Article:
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A composite material or a composite is a combination of two or more materials which enhance the properties of the individual components. Today, the most common composites are generally a combination of high strength fibers and plastic. Composite products combine the high strength fibers with a lightweight matrix, creating materials with high specific properties. Through careful selection of fiber length, material, architecture and polymer matrix, a wide range of engineering materials can be created.

Fibers provide the mechanical strength of the assembly, while the matrix formed by the polymeric material keeps them fixed in position and direction, fully coating them and protecting them from the external environment. The polymer matrix thus transmits the external loads to the fibers through the surface of the interface, which must have sufficient adhesion so that the relative sliding does not occur.

The graph below illustrates the relationship between the stress and the strain of the reinforcement, the matrix and the compound obtained from the combination of both. Clearly the  reinforcement has a much greater mechanical strength than the matrix, so that the bond between them generates a material (composite) of intermediate mechanical properties.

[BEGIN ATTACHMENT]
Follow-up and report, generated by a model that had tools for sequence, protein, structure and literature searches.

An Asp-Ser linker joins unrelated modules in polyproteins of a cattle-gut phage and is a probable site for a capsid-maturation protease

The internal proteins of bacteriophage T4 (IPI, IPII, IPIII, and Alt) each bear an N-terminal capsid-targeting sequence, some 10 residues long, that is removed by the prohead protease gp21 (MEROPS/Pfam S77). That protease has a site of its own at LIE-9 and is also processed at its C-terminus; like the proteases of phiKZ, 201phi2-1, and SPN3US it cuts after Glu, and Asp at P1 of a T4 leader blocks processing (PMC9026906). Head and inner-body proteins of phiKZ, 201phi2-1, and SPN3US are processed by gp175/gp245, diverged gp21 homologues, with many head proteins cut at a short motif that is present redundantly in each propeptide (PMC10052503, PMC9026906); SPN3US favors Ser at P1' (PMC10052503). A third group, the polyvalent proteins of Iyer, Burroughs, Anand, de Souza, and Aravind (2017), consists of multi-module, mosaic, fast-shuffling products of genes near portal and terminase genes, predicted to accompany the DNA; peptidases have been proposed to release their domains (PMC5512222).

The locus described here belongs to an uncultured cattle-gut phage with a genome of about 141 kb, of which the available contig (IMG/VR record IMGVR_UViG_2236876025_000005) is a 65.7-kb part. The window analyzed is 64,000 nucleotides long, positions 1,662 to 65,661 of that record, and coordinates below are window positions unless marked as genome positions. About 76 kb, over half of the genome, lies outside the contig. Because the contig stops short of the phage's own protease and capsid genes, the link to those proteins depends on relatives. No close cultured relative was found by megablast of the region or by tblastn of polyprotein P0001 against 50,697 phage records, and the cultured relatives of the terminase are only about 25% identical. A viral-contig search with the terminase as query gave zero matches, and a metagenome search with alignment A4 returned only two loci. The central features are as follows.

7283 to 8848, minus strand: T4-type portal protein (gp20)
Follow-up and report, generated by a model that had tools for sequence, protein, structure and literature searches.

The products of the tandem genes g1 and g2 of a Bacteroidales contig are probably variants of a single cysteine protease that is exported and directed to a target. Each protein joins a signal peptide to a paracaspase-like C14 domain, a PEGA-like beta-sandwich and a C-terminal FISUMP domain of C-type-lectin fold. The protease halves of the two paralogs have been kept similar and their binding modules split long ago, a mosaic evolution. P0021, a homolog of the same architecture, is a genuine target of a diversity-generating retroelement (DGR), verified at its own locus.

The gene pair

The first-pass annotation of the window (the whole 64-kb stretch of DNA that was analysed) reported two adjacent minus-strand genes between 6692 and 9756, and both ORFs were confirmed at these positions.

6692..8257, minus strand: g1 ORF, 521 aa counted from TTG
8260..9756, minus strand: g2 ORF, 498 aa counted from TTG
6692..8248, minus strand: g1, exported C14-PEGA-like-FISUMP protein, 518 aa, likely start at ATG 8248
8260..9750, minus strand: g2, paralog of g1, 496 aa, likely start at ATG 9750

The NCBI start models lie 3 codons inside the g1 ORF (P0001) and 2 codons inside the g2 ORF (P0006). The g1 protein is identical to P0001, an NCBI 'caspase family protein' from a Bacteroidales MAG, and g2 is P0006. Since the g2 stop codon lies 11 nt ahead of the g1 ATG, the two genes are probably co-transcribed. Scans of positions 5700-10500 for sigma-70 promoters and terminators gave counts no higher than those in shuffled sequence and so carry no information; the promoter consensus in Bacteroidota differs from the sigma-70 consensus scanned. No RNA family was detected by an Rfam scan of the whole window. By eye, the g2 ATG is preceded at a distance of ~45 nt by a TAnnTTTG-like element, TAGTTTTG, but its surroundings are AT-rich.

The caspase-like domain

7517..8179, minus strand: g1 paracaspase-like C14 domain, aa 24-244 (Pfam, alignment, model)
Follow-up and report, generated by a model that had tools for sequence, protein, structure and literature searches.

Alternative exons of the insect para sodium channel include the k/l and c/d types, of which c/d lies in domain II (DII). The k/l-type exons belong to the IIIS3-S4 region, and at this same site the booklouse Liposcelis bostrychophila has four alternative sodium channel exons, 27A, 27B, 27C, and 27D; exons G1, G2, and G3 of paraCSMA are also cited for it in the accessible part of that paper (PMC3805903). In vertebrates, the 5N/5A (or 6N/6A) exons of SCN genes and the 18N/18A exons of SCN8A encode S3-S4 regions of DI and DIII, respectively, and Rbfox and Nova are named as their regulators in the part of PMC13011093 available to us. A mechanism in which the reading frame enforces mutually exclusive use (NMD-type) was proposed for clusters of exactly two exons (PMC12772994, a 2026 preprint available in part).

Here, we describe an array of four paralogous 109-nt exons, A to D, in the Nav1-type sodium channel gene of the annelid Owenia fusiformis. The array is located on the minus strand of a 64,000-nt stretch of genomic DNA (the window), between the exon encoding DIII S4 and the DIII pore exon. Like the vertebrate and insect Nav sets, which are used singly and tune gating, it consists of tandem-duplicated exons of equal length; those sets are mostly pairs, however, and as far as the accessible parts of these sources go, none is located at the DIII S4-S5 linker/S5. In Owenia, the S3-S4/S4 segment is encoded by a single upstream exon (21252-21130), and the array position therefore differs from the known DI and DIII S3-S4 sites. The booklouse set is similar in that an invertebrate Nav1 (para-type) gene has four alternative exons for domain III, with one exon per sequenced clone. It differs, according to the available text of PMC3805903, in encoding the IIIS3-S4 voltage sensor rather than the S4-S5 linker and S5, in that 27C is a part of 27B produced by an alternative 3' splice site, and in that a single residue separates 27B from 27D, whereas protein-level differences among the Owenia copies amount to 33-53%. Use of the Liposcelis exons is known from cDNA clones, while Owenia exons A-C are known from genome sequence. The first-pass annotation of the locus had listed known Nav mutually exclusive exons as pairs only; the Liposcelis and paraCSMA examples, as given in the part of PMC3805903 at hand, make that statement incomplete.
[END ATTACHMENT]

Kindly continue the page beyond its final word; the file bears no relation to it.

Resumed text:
Composites are anisotropic materials so they must have stiffness and resistance through proper arrangement and alignment of the fibers. The fibers must be located in the directions in which are more effective, anticipating all the stresses that can occur in different circumstances, to make the most of the mechanical properties of the composite.

The fiber-reinforced composites have the following characteristics, which can be observed in the graph below:

  • Lower weight than metallic alloys to equal resistance
  • Higher resistance than common polymers
  • Higher Young’s Modulus than polymers
  • High cost of processing (currently)

Source: Spanish Association of Composites


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